Google Fiber won't 'directly' participate in government funding programsGoogle Fiber won't 'directly' participate in government funding programs
Google Fiber is in expansion mode, but the unit apparently won't chase after funds set aside for BEAD and other rural-focused government subsidy programs. Or at least it won't pursue those dollars on its own.
June 1, 2023
The bulk of Google Fiber's buildouts are focused on cities and towns that are getting broadband service from incumbent cable operators and telcos. In that process, depending on the market, Google Fiber is tangling with major operators such as AT&T, Charter Communications, Comcast and Lumen as well as midsized players like Mediacom Communications.
Figure 1: (Source: Sipa USA/Alamy Stock Photo)
So far, Google Fiber has not focused on rural or otherwise unserved or underserved areas, but it has participated in programs such as the Affordable Connectivity Program (ACP). Google Fiber likewise has stayed on the sideline with respect to state or federal government subsidy programs, including the Rural Digital Opportunity Fund (RDOF). The $42.45 billion Broadband Equity, Access and Deployment (BEAD) program is on deck, but it appears Google Fiber won't go to bat for BEAD – at least without some sort of partner.
"[A]t this time, we have no plans to pursue government funding directly," a Google Fiber official said in response to questions on if the unit intended to participate in BEAD or was exploring or bidding on other state or federal broadband access grant programs.
Google Fiber didn't elaborate on its reasoning. But the response indicates that it might be interested in exploring government subsidies through partnerships of some kind. Google Fiber, which has been known to work closely with local governments on its buildout projects, has been asked for further comment on partnership possibilities.
Update: Google Fiber has teamed up with local authorities in markets such as Des Moines and Huntsville. “[W]e’re open to partnerships where it makes sense for our business and for the city,” a Google Fiber official explained.
Gigapower CEO: 'We're a great fit for BEAD'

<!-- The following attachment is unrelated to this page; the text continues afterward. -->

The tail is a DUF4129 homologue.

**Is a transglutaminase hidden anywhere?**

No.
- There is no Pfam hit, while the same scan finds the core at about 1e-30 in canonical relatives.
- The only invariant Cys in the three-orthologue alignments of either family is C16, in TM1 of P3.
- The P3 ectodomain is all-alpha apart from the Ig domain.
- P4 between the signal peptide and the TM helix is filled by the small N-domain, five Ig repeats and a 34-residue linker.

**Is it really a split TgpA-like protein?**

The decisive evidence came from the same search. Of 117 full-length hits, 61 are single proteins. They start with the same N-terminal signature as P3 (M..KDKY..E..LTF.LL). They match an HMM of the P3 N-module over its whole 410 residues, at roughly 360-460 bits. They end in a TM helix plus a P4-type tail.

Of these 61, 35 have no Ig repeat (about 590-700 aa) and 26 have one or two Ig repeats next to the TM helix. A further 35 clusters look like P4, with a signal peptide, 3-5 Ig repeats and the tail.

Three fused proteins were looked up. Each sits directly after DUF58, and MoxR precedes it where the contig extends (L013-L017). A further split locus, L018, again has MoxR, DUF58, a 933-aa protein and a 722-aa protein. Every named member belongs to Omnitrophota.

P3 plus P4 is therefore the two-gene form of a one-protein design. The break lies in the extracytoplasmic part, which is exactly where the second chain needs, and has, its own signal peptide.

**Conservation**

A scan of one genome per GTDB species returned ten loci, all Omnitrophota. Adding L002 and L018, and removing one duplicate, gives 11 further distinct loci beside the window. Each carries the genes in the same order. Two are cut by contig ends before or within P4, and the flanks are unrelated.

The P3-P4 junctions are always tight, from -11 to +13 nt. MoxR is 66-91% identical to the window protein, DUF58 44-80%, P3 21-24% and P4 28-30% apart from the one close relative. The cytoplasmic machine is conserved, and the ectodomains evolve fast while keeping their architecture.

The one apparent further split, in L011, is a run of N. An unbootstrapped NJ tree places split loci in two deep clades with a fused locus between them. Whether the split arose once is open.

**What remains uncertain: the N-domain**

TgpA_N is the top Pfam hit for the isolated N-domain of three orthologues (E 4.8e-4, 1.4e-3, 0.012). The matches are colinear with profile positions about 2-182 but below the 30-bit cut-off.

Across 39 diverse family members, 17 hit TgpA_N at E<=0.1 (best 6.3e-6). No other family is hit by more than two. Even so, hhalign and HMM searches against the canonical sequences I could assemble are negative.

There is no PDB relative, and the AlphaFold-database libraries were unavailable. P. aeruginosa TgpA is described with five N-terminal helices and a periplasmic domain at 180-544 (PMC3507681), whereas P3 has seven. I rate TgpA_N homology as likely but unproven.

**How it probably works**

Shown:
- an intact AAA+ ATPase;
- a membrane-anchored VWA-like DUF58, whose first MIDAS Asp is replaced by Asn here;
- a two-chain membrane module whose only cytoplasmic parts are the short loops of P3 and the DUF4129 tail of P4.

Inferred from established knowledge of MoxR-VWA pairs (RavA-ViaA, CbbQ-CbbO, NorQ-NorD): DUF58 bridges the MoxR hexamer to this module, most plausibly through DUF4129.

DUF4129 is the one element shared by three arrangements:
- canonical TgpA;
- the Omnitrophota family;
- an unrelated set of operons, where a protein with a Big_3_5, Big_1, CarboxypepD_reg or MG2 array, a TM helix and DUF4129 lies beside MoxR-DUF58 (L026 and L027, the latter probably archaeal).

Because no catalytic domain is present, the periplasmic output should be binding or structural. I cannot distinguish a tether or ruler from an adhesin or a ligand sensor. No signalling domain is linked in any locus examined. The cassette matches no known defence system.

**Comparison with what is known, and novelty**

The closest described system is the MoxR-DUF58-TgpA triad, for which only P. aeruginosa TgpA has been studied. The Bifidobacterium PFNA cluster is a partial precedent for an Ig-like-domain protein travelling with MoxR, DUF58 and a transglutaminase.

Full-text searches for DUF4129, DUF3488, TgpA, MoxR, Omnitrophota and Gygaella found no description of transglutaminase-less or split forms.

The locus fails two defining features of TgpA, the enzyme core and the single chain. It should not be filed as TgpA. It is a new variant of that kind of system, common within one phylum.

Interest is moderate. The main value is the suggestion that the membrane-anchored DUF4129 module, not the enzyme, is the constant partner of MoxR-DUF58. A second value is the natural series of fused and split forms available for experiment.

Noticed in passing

Other new players focused on new builds are expected to participate in BEAD and other broadband subsidy opportunities. For example, Gigapower, the AT&T-BlackRock JV that's building fiber networks to an initial 1.5 million locations outside of AT&T's traditional wireline footprint, will take a look at how it might apply its open access model to the BEAD program.
"I think the opportunity for a community to pick a provider like Gigapower as an open access provider and have multiple ISPs come into their community and offer service to the residents is a great model," Gigapower CEO Bill Hogg said on the Light Reading Podcast. "I think we're a great fit for BEAD. The feedback we've gotten from a lot of the state broadband directors has been positive."
BEAD could drive lucrative returns
While Google Fiber has become more aggressive in its expansion activities, steering clear of subsidy programs in rural markets could represent a lost opportunity. Access to labor and materials has not always been consistent of late, but recent studies on rural expansion projects indicate that the returns are compelling.
In its analysis of Charter's expansion projects, New Street Research estimates that the operator is creating locations worth about $9,000 at a cost of roughly $4,000, beating the kinds of value Charter might be able to squeeze out of stock repurchases and M&A.
— Jeff Baumgartner, Senior Editor, Light Reading
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